This document is only the start of a process that should eventually take Kyrgyzstan away from the kind of autocratic presidential rule that sparked popular protest in 2005 and in April this year, in both cases leading to the heads of state of the time, Askar Akaev and his successor Kurmanbek Bakiev, being ousted.

As with previous constitutions, the test will be how effective it is when applied to the realities of Kyrgyz politics, where informal practices and traditions dominate, political groups engage in strife, and public levels of engagement are generally low.

In the words of Gulnara Iskakova, one of the members of the working group that drafted the constitution, “It’s going to be a long and difficult journey.”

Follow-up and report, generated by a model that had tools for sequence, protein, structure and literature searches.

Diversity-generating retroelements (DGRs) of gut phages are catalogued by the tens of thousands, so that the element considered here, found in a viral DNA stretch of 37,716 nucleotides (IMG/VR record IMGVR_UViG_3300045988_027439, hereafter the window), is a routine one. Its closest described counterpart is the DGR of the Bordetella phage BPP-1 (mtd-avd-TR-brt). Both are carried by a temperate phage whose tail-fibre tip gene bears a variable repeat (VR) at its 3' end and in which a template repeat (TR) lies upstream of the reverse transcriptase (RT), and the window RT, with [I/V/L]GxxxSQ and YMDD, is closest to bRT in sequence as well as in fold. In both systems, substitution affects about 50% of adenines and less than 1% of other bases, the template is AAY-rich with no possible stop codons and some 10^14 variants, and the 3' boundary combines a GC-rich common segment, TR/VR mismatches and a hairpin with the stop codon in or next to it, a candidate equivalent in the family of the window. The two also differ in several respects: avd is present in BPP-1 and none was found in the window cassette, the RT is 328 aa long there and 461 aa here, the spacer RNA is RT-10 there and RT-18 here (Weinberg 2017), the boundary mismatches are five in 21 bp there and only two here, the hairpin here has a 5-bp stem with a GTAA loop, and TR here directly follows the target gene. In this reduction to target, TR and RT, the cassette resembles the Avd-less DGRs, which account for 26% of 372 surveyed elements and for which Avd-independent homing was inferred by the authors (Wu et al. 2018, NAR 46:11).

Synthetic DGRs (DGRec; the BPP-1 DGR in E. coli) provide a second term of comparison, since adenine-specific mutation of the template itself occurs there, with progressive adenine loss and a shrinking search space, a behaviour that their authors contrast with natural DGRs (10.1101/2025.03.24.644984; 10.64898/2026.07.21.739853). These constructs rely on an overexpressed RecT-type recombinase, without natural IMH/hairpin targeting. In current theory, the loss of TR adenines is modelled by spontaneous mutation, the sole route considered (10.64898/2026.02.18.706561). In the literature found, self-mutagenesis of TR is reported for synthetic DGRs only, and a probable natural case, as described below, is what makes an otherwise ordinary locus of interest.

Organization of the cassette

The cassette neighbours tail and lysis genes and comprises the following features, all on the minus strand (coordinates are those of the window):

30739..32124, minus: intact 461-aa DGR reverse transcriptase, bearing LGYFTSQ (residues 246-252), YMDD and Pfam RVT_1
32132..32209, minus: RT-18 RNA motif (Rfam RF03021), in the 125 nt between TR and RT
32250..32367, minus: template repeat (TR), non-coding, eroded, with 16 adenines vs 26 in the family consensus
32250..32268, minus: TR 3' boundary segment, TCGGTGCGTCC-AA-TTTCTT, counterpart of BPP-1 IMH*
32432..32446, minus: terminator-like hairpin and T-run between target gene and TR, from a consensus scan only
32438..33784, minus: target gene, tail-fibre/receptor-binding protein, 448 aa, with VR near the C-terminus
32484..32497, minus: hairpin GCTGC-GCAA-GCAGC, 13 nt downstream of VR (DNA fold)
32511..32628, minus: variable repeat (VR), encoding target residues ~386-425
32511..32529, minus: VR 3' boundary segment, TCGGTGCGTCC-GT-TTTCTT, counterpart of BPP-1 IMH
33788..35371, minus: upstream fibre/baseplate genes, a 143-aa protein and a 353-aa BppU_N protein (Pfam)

Pavel Dyatlenko is an analyst at the Polis Asia think-tank in Bishkek.

This article was produced jointly under two IWPR projects: Building Central Asian Human Rights Protection & Education Through the Media, funded by the European Commission; and the Human Rights Reporting, Confidence Building and Conflict Information Programme, funded by the Foreign Ministry of Norway.

The contents of this article are the sole responsibility of IWPR and can in no way be taken to reflect the views of either the European Union or the Foreign Ministry of Norway.